320 Kwan & Biliciler improvement or stabilization following treatment with IVIG or plasma exchange.88 TRFs typically occur within a few days after a patient has completed a course of ther- apy and can be seen in up to 10% of GBS patients.88–90 Some patients may have 2 episodes of TRFs and in rare patients a third episode can occur.89,90 Nearly all TRFs occur within 8 weeks from GBS symptom onset, and if a patient has another relapse past this time frame or has more than 3 relapses, a diagnosis of CIDP should be considered.90,91 In most patients, the relapsing symptoms due to TRFs respond to another course of IVIG or plasma exchange.88,89 The cause of TRFs is unknown. One hypothesis is that the duration of the treatment effect is shorter than the disease activity, and the immune modulating effect of the therapy dissipates before the auto- immune process resolves.88 Prognosis and Long-Term Symptoms All patients gradually improve over weeks to months, with most improvement in motor function occurring during the first year.92 A majority of patients can walk independently within 6 months from the time of symptom onset even in patients who required me- chanical ventilation, but the time to recovery in older patients may be slower.2,10,92 Although prognosis tend to be favorable overall, the mortality rate in GBS continues to range from 3% to 6% despite improvements in care in the intensive care setting.93,94 Early mobilization with physical and occupational therapy as early as possible is important to minimize complications related to prolonged immobility, such as decon- ditioning. Inpatient rehabilitation may be considered in the appropriate patient. Phys- ical exercise after acute hospitalization is associated with long-term improved health outcomes in GBS patients. Cycling appears to be the most effective form of exer- cise.77 A cautious approach to physical activity should be taken to avoid over exercise that can lead to extreme fatigue.78 In addition to motor impairment, many GBS patients have persistent symptoms of pain, fatigue, and mood disorders.1,95,96 The long-term prevalence of these health- related quality of life determinants in GBS patients is not completely known.79 Fatigue may be unrelated to persistent motor impairment or the severity of weakness during the acute phase of the GBS.22,97,98 In these patients, a structured exercise program may be beneficial.99,100 Chronic pain is another significant source of morbidity. Severe muscular, neuropathic, or joint pain can be present in up to one-third of pa- tients.22,30,98 Because GBS patients may experience several pain symptoms concur- rently caused by different mechanisms, a multidisciplinary approach should be taken to treat the pain syndrome. Although physical therapy may improve pain, many pa- tients require chronic neuropathic pain medications.101 Depression and/or anxiety triggered by the acute paralytic disorder is not infrequent and may be exacerbated by pain.22,102 In patients who have symptoms of depression and anxiety, referral to mental health care providers for psychosocial support or to psychiatry for pharmaco- logic treatment should be considered. Medications with dual effectiveness for both psychiatric and neuropathic pain symptoms should be considered in order to minimize polypharmacy in older patients. SUMMARY GBS is a complex autoimmune disorder that can affect multiple organ systems and cause persistent impairment, having an impact on an individual’s functional indepen- dence. A correct diagnosis leading to early treatments and appropriate interventions can mitigate the risk for poor outcome in geriatric patients diagnosed with GBS. Descargado para BINASSS Circulaci (email@example.com) en National Library of Health and Social Security de ClinicalKey.es por Elsevier en mayo 06, 2021. Para uso personal exclusivamente. No se permiten otros usos sin autorización. Copyright ©2021. Elsevier Inc. Todos los derechos reservados.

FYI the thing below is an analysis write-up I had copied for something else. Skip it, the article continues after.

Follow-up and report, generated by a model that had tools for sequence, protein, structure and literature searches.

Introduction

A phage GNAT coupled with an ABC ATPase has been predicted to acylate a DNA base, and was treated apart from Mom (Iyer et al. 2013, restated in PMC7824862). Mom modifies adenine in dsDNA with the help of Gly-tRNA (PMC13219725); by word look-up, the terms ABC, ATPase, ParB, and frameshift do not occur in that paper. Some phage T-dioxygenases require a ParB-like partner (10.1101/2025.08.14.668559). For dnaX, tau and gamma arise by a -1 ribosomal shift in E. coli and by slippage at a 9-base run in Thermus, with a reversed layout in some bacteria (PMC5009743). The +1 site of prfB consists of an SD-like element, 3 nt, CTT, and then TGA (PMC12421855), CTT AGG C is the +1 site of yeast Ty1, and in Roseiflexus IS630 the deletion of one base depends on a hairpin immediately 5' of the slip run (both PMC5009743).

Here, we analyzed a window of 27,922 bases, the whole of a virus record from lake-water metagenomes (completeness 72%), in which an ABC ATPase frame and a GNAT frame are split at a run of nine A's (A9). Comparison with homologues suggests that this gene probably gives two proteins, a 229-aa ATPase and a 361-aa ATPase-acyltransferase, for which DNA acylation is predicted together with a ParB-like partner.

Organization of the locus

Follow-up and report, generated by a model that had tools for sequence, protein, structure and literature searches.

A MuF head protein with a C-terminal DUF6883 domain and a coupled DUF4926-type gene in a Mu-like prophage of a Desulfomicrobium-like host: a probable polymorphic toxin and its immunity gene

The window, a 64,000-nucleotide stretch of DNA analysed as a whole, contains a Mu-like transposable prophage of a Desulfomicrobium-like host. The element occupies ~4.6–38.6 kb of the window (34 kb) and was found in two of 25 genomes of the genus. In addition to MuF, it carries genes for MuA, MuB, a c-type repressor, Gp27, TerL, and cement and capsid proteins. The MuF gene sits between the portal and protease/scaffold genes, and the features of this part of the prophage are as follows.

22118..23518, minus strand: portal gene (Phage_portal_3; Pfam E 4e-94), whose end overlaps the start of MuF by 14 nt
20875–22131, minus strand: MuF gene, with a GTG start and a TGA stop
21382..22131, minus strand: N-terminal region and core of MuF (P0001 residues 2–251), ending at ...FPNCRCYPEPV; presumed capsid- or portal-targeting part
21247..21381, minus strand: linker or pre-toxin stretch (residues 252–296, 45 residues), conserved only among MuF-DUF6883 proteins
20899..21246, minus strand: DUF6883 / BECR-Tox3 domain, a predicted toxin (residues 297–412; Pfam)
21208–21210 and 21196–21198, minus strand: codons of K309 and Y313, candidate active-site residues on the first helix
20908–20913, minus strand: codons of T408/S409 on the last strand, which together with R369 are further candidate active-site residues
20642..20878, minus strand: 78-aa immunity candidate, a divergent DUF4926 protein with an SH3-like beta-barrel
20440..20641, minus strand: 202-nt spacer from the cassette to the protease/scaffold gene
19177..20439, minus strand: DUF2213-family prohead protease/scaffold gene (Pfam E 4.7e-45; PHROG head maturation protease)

Guillain-Barré Syndrome 321 CLINICS CARE POINTS Autonomic dysfunction is common in GBS and it is important to screen for symptoms of dysautonomia. Risk factors for respiratory insufficiency requiring mechanical ventilation include duration from symptom onset to hospitalization, facial and/or bulbar weakness, and severity of limb weakness. Bedside pulmonary function testing is recommended to screen for impending respiratory failure. Normal CSF protein does not exclude a diagnosis of GBS. An alternate diagnosis, such as an acute HIV infection, should be considered if there is CSF pleocytosis, especially when more than 50 cells/mL are present. IVIG and plasma exchange both are effective treatments of GBS. Corticosteroid is not an effective treatment of GBS. Sequential use of IVIG and plasma exchange is not recommended. ACKNOWLEDGMENTS This work was supported in part by the Intramural Research Program of the NIH, NINDS. DISCLOSURE The authors have nothing to disclose. REFERENCES 1. Ropper AH. The Guillain-Barré syndrome. N Engl J Med 1992;326(17):1130–6. 2. Leonhard SE, Mandarakas MR, Gondim FAA, et al. Diagnosis and management of Guillain-Barré syndrome in ten steps. Nat Rev Neurol 2019;15(11):671–83. 3. Yuki N, Hartung HP. Guillain-Barré syndrome. N Engl J Med 2012;366(24): 2294–304. 4. Asbury AK, Arnason BGW, Karp HR, et al. Criteria for diagnosis of Guillain-Barré syndrome. Ann Neurol 1978;3(6):565–6. 5. Pearce JM. Octave Landry’s ascending paralysis and the Landry-Guillain-Barre- Strohl syndrome. J Neurol Neurosurg Psychiatry 1997;62(5):495–500. 6. Guillain G, Barré JA, Strohl A. [Radiculoneuritis syndrome with hyperalbumino- sis of cerebrospinal fluid without cellular reaction. Notes on clinical features and graphs of tendon reflexes. 1916]. Ann Med Interne (Paris) 1999;150(1):24–32. 7. Hughes RAC, Cornblath DR, Willison HJ. Guillain-barré syndrome in the 100 years since its description by Guillain, Barré and Strohl. Brain 2016;139(11): 3041–7. 8. Sejvar JJ, Baughman AL, Wise M, et al. Population incidence of Guillain-Barré syndrome: a systematic review and meta-analysis. Neuroepidemiology 2011; 36(2):123–33. 9. van den Berg B, Walgaard C, Drenthen J, et al. Guillain-Barré syndrome: path- ogenesis, diagnosis, treatment and prognosis. Nat Rev Neurol 2014;10(8): 469–82. 10. Peric S, Berisavac I, Stojiljkovic Tamas O, et al. Guillain-Barré syndrome in the elderly. J Peripher Nerv Syst 2016;21(2):105–10. Descargado para BINASSS Circulaci (firstname.lastname@example.org) en National Library of Health and Social Security de ClinicalKey.es por Elsevier en mayo 06, 2021. Para uso personal exclusivamente. No se permiten otros usos sin autorización. Copyright ©2021. Elsevier Inc. Todos los derechos reservados.